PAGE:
So it is with a given platform of any type being able to basically _sit there_ in the theater battlespace, carrying a weapons system which is effectively plug'n'play. While 'enabled' by datalink access to thousands of Intel/Surveillance/Recce apertures which are imported to a given theater specifically to make that crate and it's weapons systems, useful.

The Euros would /love/ to have what is the heart of our 'Cooperative Engagement Capability' (netcentric) optimized warfighter effort. Because not only could they copy it and make a few alterations to beat copyright before reexport. But they could also sell countermeasures that /at least/ hacked the program. If not the specific instruction set on the chip.

To make our systems ineffective as a function of their very architecture.

If the Brits, half of whose defense business is now owned by Thales or EADS (Continental defense conglomerates who would rape any secrets of their 'British Division' subcompanies in a heartbeat) think they 'deserve' to be onboard for this, they are nuts. Because as with any Vae Victis Vickers efforts (the JSF is a defense industrial effort purely for commercial gain), your national honor is only as good as your mercantile promise of proprietary secrecy.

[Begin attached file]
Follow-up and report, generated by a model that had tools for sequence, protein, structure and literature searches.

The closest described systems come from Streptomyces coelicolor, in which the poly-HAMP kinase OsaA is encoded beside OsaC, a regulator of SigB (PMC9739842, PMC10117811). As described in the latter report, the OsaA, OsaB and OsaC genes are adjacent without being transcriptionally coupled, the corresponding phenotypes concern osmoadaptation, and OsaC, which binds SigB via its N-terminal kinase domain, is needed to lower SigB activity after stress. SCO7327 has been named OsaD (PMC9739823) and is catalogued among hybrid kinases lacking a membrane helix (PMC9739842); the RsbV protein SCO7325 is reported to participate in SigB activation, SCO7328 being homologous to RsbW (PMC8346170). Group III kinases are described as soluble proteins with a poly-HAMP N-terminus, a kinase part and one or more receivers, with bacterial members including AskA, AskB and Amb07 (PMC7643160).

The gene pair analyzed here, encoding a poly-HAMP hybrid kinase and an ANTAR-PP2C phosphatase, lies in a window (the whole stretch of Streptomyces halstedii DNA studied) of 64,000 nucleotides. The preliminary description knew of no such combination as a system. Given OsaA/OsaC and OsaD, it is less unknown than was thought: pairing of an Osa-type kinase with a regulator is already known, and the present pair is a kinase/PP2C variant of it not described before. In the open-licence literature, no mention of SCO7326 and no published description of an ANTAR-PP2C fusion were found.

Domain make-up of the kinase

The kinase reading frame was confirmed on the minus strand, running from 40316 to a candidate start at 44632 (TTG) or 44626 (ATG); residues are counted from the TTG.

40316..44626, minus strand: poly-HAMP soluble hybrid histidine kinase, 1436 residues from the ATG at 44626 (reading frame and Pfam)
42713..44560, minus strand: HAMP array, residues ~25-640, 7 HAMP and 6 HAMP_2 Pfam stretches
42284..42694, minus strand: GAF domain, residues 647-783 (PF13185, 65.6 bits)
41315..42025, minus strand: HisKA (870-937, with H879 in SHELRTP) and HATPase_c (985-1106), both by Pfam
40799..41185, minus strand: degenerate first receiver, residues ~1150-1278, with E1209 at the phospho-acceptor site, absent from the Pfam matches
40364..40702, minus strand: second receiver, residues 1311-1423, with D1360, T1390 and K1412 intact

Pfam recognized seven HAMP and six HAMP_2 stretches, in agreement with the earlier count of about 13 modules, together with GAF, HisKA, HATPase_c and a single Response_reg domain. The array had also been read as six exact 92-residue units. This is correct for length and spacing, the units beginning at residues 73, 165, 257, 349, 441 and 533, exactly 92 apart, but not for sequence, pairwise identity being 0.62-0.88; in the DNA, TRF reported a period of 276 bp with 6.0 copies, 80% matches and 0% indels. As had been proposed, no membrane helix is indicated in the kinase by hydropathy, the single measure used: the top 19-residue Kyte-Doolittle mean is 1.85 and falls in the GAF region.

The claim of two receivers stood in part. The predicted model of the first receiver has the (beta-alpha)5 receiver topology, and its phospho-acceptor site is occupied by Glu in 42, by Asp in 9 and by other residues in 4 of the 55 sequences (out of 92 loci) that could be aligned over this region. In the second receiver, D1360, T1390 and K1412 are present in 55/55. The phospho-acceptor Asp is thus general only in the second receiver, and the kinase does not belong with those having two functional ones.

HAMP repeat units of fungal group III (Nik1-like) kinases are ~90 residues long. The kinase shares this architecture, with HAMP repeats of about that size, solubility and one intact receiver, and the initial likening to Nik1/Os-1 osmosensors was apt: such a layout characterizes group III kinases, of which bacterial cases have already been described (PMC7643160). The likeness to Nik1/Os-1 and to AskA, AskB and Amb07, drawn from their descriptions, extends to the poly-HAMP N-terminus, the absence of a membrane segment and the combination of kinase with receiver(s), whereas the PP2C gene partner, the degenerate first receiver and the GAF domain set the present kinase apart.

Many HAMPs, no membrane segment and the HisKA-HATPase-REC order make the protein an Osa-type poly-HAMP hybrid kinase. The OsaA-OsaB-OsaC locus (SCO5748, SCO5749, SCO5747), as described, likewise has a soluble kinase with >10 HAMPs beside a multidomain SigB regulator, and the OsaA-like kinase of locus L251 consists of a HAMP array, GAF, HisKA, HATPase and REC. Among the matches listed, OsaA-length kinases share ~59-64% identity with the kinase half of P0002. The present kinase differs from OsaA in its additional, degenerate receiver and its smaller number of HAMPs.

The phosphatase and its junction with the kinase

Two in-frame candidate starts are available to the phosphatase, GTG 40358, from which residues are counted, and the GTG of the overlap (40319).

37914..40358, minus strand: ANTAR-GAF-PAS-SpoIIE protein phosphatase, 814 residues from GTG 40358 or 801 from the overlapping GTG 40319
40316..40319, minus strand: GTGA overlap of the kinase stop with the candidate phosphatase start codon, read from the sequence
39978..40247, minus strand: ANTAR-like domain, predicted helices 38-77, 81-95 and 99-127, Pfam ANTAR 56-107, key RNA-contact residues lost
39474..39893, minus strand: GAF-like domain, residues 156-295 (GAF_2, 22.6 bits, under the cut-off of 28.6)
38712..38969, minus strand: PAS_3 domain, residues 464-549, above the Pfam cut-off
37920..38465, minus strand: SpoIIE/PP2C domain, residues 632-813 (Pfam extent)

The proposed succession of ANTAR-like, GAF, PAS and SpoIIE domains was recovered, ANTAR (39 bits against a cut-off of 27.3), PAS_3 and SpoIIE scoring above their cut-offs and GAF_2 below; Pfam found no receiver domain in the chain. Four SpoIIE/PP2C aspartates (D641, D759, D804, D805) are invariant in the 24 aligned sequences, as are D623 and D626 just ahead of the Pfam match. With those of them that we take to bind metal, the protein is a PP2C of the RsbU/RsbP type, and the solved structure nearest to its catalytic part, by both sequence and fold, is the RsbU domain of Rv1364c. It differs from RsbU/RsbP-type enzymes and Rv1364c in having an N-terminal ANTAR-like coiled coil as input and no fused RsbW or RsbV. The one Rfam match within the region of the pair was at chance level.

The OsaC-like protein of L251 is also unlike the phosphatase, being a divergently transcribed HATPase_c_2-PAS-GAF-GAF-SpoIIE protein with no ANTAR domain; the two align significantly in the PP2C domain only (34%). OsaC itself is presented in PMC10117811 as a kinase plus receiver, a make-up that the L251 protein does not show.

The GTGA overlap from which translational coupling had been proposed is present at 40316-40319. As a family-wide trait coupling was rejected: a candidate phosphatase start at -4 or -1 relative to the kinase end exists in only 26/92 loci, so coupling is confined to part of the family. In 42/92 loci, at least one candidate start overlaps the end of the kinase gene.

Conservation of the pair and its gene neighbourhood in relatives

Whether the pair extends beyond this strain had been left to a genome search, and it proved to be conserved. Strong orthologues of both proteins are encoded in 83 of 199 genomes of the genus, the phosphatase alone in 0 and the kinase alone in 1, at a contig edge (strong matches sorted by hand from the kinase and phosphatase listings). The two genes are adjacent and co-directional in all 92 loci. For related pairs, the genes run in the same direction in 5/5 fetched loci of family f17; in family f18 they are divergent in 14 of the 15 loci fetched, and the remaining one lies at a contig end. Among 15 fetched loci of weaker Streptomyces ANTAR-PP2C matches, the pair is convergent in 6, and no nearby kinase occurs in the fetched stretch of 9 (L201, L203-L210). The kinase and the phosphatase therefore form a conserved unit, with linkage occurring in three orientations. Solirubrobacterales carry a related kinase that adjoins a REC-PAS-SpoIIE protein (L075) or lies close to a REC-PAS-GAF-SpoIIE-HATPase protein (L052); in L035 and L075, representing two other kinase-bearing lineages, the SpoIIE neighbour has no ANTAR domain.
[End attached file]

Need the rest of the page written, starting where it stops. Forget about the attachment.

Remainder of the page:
And it was _THE BRITS_ who laid back and spread'em wide in prostituting large chunks of BAe and GEC to whomever would French Investment Corp buy them.

5. FACO is another Option.
While Congress are generally a bunch of greedy worthless pigs snuffling after whatever funding acorn will make them look good (stay in power) with their local electorate base and all the PAC/SIGs therein; there is no doubt that they are far from stupid. For they have vote-funded the JSF in such a way as to keep most of the subproduction contracts 'firmly competitive' _only_ to U.S. sources.

What this means is that the Euro and Asian late-for-bandwagon fools have more or less been left with the privelege of owning stealthy airpower (whoopy, if you're not fighting the U.S. and _don't_ want to fight /with them/, there are many cheaper, better, alternatives.) and a fuzzy-dice level of tertiary production.

Where the deal maker or breaker comes in is what is called 'FACO'. Or Final Assembly and Check Out. Whereby you have the ability to act as a mini-prime in integrating and testing all mission systems and airframe components as a local depot if not manufacturer level 'regional salesman'.